Picture of a Slender Madtom







 Freckled Madtom (Noturus nocturnus)

Etymology: Noturus- back tail, referring to fusion of adipose and caudal fins; nocturnus = nocturnal, referring to itís dark coloration

 Geographical Distribution:

They are widespread below the Fall Line in central and Lower Mississippi. Distribution is from Georgia to Texas.  Occurs in habitats ranging from medium-sized creeks to large rivers. 

Diagnostic Features

They have anal fin rays, soft pectoral rays, pelvic fin rays.  Freckled Madtoms are uniformly dark gray or yellow to dark brown with dark freckles about the lower lip and chin. They grow to up to 78mm in their first two years.  Their life expectancy is 4.5 years.  The fish maximum length is 150mm. 

Habitat and Feeding Preferences: 

It is associated with cover in the form of brush, logs, and roothair masses and they prefer areas of deviating current.  Their diet consists of mayflies, caddis flies, midges, and black flies         

 Reproductive Biology

Females become sexually mature by their second summer and spawn an average of 102 eggs every summer.  Polygamy is common in madtoms.  They initially spawn in the New England states in June and July and by the end of the summer they have slowly made their way down to southern states like Tennessee and Georgia.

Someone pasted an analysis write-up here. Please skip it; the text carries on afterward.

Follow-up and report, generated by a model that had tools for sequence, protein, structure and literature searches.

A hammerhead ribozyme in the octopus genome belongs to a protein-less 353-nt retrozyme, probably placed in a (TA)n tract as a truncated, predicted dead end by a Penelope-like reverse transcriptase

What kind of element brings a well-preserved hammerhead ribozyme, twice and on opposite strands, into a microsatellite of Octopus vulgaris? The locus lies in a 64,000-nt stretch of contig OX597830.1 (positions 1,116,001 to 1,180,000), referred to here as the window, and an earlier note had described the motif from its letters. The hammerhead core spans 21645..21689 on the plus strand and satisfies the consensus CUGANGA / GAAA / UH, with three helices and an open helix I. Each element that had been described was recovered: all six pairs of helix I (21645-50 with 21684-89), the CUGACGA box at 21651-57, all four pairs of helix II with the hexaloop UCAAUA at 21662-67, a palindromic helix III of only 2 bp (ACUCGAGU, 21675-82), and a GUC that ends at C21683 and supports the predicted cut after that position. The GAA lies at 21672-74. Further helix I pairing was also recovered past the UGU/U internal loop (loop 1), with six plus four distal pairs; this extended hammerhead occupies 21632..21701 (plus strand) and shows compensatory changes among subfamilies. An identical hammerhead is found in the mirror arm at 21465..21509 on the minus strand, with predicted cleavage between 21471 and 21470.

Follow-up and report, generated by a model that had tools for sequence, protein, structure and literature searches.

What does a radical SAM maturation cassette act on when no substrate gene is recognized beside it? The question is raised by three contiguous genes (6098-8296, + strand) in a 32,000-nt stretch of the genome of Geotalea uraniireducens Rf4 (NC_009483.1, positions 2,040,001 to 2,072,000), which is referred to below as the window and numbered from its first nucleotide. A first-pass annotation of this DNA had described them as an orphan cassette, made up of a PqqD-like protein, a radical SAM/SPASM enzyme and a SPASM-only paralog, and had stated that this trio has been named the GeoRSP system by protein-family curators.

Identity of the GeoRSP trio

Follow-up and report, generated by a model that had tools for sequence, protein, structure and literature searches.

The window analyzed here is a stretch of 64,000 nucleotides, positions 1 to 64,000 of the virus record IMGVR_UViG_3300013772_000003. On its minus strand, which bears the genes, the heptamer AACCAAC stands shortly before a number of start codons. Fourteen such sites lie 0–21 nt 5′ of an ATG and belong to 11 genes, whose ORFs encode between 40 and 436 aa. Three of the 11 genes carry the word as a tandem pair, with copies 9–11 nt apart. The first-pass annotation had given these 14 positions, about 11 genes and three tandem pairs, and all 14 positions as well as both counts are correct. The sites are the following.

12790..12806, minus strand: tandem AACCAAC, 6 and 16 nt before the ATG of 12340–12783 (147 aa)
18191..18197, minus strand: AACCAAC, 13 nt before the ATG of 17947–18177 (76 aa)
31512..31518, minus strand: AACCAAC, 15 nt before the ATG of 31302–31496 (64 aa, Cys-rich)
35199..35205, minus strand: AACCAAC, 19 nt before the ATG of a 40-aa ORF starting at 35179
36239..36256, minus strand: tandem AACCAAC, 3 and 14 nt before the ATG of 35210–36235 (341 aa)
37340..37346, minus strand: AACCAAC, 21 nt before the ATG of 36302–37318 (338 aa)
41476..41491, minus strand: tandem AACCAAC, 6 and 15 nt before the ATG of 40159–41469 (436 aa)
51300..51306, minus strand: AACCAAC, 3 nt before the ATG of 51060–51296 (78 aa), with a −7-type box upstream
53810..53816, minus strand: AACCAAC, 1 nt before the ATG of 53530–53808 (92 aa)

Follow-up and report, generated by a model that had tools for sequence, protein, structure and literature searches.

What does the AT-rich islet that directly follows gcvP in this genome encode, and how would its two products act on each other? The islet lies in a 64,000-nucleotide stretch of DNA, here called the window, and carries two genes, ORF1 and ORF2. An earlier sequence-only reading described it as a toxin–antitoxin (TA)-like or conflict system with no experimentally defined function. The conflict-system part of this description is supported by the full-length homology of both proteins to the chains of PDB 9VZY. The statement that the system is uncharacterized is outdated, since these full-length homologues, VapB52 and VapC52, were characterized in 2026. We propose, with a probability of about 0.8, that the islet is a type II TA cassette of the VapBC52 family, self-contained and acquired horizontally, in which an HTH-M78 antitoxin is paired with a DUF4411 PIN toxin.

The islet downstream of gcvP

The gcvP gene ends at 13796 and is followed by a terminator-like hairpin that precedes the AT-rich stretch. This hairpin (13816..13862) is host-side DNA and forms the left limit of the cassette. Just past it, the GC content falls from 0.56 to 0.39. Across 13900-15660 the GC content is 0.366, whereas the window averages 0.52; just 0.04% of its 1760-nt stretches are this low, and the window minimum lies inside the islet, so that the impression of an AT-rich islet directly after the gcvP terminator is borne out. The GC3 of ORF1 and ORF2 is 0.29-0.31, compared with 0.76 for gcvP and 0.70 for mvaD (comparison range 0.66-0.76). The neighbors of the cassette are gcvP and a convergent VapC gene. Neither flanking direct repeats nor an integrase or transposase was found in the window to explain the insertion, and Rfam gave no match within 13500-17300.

Ecology and Behavior

Females guard their eggs and while their offspring is cheap, the female protects her young more than other fish.

 Reasons for Decline

Once streams are depleted, there is a large collection of madtoms in a concentrated area. This makes the competition for food detrimental.  Perhaps the biggest problems are the predators that feast on the madtoms when they are sop easy to catch.  They are very small and defenseless and the Darwinist principles soon take effect.


As of now the conservation of the Freckled Madtom is questionable because the laws of nature seem to have it in for this small member of the catfish family.